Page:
Climate change – An overview
Climate change, a term that scares half of the world, and makes the other half snort in disbelief, is no other thing than a long-term shift in weather and temperature patterns. These changes are natural, and expected, however since two centuries ago, human activity has triggered an acceleration in these shifts, mainly due to burning fossil fuels. This type of activity provokes greenhouse gas emissions; the Earth gets “wrapped up in a blanket” trapping the sun’s heat. Methane is a good example of greenhouse emissions; those landfills for garbage disposal are an important source of methane emissions. Many human activities are such as transportation, agriculture, and land use.
Emissions are rising continually, the last decade has been the warmest on record, and experts calculate the world is 1.1 Celsius warmer than it was in the late 1800s.
There’s a lot of mainstream confusion about what climate change means; one of the most common misconceptions is thinking it only refers to an increase in temperature, but this is just the beginning. Extreme weather shifts trigger many natural disasters such as intense droughts, heavy storms, the melting of the poles, hurricanes, water scarcity, wildfires, etc.
Another misunderstanding comes from using climate and weather as interchangeable words. Climate is measured over a long period; weather changes from year to year, from day to day, and if you live in California, from hour to hour!
The way we link these two words is by acknowledging that climate change makes weather less predictable. That’s why we are noticing snow at odd times, hurricanes in the off-season, unexpected storms, and such. The inability to predict weather makes activities such as farming and agriculture difficult to maintain.
One of the most significant consequences of climate change is the melting of the poles. As ice and glaciers melt, the sea levels rise in different regions of the planet which increases flooding and erosion.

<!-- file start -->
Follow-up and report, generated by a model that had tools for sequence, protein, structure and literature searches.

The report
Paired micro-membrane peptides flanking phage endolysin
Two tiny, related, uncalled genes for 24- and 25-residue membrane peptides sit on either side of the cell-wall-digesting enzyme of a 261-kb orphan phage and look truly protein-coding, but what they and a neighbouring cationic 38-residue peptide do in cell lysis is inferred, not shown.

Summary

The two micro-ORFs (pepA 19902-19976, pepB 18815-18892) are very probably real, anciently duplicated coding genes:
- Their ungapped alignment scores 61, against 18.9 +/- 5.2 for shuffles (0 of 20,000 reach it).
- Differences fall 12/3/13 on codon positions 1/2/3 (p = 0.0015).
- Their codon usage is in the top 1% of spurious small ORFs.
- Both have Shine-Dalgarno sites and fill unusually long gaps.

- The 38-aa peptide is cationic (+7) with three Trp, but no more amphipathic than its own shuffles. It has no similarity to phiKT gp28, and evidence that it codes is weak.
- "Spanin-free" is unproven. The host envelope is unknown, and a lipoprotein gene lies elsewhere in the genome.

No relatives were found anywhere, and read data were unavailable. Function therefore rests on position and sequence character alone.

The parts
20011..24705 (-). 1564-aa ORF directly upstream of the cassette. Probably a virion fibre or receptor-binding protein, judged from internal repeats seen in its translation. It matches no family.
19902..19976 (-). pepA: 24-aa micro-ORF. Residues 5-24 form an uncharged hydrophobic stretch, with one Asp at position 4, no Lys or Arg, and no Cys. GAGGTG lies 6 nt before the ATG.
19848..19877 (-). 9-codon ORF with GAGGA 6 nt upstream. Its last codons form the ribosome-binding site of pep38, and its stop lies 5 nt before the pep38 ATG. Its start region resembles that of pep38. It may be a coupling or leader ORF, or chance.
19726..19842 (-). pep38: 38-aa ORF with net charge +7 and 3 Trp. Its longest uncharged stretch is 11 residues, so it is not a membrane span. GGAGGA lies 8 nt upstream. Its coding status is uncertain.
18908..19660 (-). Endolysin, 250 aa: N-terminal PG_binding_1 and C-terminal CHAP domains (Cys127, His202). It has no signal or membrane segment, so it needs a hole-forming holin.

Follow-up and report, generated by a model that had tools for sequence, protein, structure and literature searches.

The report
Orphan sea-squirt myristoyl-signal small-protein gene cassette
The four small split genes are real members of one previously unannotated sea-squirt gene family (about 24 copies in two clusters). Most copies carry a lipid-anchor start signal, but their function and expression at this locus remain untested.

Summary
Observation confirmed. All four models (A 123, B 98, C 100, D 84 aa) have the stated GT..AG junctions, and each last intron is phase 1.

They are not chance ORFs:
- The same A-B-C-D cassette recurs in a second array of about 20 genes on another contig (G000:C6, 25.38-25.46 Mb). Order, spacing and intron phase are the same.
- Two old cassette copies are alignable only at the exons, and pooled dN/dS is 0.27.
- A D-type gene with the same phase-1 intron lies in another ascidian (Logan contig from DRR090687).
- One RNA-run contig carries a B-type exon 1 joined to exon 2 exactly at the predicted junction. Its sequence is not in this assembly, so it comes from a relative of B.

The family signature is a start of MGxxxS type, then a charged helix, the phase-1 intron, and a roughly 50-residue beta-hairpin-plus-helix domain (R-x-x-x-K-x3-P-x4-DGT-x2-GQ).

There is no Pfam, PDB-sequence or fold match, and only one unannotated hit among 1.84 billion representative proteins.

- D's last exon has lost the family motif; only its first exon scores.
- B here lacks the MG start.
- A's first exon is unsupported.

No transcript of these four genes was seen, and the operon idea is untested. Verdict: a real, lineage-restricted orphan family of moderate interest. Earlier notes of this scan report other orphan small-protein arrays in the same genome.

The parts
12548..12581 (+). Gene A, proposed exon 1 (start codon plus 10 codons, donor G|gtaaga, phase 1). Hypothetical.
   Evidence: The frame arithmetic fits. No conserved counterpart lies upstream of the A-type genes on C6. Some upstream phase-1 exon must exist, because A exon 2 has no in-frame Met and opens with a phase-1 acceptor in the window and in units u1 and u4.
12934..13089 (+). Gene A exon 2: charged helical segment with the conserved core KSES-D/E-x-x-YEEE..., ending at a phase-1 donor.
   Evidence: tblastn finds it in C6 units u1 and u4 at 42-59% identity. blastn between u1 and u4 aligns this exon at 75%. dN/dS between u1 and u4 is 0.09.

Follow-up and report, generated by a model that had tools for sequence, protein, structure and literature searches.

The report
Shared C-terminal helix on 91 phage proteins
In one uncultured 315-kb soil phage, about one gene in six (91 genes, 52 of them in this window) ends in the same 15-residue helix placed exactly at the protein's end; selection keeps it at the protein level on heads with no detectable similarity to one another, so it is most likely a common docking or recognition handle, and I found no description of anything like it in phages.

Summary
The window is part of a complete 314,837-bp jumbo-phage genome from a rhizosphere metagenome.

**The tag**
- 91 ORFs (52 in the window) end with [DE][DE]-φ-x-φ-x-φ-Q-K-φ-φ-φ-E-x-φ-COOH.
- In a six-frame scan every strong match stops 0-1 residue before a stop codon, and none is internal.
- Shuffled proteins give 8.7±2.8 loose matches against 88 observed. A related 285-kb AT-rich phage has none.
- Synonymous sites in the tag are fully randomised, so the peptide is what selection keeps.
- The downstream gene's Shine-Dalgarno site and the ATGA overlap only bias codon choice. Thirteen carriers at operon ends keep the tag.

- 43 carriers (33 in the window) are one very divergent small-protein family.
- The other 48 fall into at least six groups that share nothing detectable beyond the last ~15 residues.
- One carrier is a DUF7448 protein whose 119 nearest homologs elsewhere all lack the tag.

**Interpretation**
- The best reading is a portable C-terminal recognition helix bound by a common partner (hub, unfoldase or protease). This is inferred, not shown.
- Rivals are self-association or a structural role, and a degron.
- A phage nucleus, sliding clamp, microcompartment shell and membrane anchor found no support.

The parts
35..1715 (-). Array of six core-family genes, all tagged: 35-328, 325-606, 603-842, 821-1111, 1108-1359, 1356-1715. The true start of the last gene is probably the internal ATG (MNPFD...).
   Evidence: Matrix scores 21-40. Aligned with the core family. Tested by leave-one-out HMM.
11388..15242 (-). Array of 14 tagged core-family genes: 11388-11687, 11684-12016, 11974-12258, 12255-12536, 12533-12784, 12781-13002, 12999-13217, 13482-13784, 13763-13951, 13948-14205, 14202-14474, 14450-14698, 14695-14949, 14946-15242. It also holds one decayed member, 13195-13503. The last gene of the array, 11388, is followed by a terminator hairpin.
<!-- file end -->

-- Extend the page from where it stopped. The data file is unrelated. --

Skeptics claim that climate change is a natural process that has happened on the planet since the beginning of time. Sure, when the process runs slowly and naturally, it takes thousands of years to make these changes perceivable. The problem comes when human activity triggers and acceleration of the changes occur.
Climate change – effects
Let’s look at the consequences a little deeper. Rising temperatures have forced half of all species on the planet to relocate due to the destruction of their habitats. This has caused more respiratory illnesses in people, and it threatens water and food security for millions around the words. How are these events affecting humans?
- A direct hit from climate change. According to an article from CNBC, “natural disasters hit roughly 1 in 10 Americans homes” just this last 2021. We will increasingly see victims of natural disasters that lose their homes, become sick, injured, or die because of it.
- Damage to the planet’s food chains. Climate change is altering most of the Earth’s ecosystems on sea or land that produce the food we nourish from. For example, in the oceans, the rise of temperatures is altering circulation patterns and making the sea’s food chains less productive. As nutrients transfer from surface waters to the deep ocean, the plankton decreases rapidly. As marine ecosystems starve, scientists believe that by 2300 the estimated global fish catch would be reduced 20 percent and 60 percent across the North Atlantic, which will represent a huge reduction in the food source for millions of people.
Threats to health and health care systems. These extreme natural occurrences represent a threat to all life. As humans get exposed to atmospheric irritants (a consequence of air contamination), wildfire smoke, and other elements, cardiovascular and respiratory ailments will increase. Extreme flooding and hurricanes leave communities without basic services -such as electricity, and water – which, combined with stagnant water, are the perfect recipe for the proliferation of animal plagues -such as the mosquito – and viruses resulting from rotten food and humidity.